(2)

where Δ represents the difference between receivers. In (2) the satellite clock error term is cancelled after taking single differences between receivers with respect to the same satellite; the same happens to the initial phase. The tropospheric and ionospheric delay residuals are negligible when compared to multipath error and receiver noise, because they are very correlated due to the short distance between antennas. This latter distance is referred to as the baseline and for the present work is short when compared to the distance between antennas and satellites. There is still a remaining term due to the difference in receiver clock errors cΔdTβα that perturbs the measurements. Figure 2 depicts how the carrier phase single differences (2) originate.


Figure 2: Single Difference Observation

To cancel the previously mentioned remaining term, carrier phase double difference measurements are used. For two antennas α and β, and two satellites i and j, a carrier phase double difference observation is formed by subtracting two single difference observations like that in (2), one for satellite j and one for satellite i. Mathematically, a double difference is

(3)

where Ñ represents the difference between satellites and Δ indicates the difference between receivers. The term of receiver clock error in (2), is cancelled after taking double differences. Tropospheric and ionospheric effects were already negligible in (2). On the other hand, errors due to receiver noise and multipath ε(ÑΔf) are amplified up to a factor of two with respect to single difference, in the worst case (Harvey, 1998).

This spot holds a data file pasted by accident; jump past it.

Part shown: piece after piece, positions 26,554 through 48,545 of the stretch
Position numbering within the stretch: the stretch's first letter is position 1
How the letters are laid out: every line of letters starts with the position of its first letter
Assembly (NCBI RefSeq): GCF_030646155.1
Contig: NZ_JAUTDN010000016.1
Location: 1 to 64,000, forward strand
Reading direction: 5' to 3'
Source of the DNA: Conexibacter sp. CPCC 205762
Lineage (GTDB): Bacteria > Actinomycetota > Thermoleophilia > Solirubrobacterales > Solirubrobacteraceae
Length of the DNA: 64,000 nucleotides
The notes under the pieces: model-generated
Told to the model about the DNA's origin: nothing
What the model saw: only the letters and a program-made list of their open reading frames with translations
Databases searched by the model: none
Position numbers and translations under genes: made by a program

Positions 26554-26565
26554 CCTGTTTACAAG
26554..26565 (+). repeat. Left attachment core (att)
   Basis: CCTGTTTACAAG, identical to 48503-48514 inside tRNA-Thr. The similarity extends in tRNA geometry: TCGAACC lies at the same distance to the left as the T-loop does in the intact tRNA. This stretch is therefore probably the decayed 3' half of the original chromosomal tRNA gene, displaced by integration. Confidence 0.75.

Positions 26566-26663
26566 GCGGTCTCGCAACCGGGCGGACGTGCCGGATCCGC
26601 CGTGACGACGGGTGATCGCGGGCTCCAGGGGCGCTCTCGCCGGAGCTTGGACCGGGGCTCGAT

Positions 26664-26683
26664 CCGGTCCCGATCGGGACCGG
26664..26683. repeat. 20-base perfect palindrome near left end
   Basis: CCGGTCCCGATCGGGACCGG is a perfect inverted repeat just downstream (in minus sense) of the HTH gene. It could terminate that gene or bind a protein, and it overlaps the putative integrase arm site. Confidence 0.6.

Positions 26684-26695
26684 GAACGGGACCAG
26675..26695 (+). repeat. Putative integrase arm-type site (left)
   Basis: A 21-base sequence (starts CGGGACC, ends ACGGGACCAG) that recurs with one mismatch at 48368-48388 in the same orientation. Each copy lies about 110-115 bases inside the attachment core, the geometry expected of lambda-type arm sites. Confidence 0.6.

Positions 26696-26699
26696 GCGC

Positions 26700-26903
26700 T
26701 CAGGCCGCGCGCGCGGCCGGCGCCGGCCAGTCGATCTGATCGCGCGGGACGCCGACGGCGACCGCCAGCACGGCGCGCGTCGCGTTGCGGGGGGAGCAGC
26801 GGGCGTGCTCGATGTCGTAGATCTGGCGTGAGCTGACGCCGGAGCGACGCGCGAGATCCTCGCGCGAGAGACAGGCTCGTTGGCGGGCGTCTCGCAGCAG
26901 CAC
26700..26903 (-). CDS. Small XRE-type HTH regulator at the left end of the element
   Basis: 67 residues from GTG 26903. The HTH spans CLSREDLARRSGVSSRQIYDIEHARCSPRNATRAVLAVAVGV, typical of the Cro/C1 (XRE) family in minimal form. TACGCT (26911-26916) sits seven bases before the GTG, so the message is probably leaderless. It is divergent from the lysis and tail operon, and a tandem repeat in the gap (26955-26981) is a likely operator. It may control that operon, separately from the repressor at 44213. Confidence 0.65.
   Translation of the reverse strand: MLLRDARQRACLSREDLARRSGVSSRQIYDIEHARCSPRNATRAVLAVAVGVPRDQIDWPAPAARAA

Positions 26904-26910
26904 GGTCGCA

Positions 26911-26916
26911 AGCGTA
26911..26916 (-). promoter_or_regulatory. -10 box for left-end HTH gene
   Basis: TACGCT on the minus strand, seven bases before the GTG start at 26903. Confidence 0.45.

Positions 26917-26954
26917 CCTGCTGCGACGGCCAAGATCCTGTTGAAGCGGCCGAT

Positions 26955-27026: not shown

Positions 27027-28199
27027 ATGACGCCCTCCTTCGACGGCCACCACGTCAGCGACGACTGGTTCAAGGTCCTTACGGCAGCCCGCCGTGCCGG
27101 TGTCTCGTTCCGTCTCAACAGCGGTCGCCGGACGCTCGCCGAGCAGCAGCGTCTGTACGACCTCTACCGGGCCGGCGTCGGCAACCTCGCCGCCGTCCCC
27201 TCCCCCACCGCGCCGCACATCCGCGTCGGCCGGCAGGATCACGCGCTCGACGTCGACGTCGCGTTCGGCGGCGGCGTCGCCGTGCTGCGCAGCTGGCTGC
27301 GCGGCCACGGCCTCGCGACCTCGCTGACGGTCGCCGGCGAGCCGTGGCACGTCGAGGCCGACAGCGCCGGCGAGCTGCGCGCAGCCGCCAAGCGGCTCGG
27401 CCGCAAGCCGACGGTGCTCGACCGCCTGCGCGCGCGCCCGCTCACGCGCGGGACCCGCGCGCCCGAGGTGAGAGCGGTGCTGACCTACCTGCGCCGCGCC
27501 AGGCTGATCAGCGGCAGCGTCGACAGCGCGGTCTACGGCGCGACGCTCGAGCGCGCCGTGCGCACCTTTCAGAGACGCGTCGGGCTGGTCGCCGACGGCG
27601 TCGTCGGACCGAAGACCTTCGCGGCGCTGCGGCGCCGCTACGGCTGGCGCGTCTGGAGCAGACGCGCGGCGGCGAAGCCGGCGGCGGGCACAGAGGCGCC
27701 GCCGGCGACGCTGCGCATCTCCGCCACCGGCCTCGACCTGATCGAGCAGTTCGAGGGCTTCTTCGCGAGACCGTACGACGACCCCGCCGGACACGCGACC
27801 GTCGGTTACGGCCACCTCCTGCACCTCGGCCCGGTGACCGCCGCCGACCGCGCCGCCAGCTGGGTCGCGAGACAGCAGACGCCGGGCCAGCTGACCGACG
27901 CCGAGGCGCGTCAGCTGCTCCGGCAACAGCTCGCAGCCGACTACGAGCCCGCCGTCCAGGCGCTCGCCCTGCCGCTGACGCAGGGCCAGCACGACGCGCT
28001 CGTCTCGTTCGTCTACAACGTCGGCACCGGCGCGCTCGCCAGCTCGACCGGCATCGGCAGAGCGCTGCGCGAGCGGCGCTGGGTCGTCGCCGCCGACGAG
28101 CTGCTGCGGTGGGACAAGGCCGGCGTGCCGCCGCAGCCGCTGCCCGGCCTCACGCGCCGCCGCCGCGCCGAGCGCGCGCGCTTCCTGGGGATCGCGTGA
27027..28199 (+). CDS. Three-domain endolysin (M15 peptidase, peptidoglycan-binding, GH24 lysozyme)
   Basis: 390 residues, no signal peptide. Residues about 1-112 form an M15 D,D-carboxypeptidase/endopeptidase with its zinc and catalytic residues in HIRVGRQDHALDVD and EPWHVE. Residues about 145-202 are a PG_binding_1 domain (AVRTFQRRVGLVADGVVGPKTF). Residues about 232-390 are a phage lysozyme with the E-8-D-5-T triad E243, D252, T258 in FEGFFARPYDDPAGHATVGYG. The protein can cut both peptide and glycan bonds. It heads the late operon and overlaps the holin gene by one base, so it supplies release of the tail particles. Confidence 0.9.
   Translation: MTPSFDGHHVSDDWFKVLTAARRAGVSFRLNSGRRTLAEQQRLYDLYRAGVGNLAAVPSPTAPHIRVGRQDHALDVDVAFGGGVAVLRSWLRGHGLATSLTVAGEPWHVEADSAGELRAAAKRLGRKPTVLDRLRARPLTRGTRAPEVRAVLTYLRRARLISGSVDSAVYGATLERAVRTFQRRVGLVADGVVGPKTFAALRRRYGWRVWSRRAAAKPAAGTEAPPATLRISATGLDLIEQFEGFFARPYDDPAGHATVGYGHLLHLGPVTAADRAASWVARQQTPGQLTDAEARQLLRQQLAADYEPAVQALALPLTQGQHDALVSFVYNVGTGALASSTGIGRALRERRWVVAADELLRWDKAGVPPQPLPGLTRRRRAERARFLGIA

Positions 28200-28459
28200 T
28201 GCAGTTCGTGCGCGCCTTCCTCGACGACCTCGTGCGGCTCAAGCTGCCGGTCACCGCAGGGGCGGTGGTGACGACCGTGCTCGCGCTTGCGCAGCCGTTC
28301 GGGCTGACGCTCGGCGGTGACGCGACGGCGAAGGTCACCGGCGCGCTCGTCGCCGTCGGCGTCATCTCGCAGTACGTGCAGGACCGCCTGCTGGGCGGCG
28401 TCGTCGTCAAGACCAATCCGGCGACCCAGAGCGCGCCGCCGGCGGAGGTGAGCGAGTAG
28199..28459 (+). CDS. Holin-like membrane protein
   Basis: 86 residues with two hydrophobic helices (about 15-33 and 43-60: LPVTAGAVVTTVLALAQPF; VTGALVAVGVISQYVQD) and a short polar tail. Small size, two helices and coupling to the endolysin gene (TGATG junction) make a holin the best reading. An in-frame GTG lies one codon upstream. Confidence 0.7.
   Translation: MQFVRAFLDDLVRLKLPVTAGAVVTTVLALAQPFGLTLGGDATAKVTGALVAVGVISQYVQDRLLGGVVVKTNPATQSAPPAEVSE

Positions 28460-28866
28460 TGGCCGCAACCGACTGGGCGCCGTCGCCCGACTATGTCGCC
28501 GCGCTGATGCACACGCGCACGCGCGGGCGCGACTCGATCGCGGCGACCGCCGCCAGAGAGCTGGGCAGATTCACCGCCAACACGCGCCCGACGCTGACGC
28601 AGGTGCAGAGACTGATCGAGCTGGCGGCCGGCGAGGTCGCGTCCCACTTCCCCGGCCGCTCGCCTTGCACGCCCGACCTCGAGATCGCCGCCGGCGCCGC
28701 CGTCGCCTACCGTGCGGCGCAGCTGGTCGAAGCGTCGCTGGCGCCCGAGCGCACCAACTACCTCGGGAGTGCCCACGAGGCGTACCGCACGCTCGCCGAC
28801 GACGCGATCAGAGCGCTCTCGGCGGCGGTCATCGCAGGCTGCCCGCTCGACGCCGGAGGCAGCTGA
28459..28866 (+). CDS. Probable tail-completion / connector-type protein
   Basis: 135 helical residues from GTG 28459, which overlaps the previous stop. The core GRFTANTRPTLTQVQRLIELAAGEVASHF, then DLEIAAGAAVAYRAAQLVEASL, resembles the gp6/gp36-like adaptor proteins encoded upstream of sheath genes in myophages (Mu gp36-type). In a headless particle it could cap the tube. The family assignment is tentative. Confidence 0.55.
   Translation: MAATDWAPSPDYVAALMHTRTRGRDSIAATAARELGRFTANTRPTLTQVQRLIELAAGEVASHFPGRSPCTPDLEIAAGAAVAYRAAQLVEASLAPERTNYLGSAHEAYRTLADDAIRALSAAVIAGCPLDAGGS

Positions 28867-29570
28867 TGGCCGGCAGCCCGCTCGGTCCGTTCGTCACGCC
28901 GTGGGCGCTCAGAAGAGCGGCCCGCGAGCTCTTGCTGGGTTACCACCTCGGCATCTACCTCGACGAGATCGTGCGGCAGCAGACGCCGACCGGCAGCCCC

C. Carrier Phase Interferometric Model

The distance between each satellite and the antennas is at least 22.000km. This fact validates the assumption that the received signal is a plane wave. Consequently, the line of sight vector from antenna α to satellite j, is assumed to be parallel to the line of sight vector from antenna β to the same satellite j, . This leads to the wonderful result that the difference in distance from each antenna and satellite j can be approximated by the scalar product between the line of sight unit vector ej and the base line vector rβα.

(4)

This situation is depicted in Fig. 3. For baselines shorter than 100 m the results are very satisfactory; for instance, in (Schleppe, 1996) it is shown that the approximation introduces an error of 0.02 mm.


Figure 3: Single Difference Interferometric Model

The superindex e in means that the baseline βα is referred to the reference coordinate system centered in the earth (ECEF), (Kaplan, 1996). Attitude estimation needs rβα in the local coordinate system attached to the vehicle. For that purpose it is required to make a coordinate system transformation from one system to the other. Such transformation is expressed by

(5)

where is the baseline βα in the body coordinate system fixed to the vehicle. This is known from direct measurements made beforehand, assuming that no flexion or deformations occur to the baseline. It is computed simply by

(6)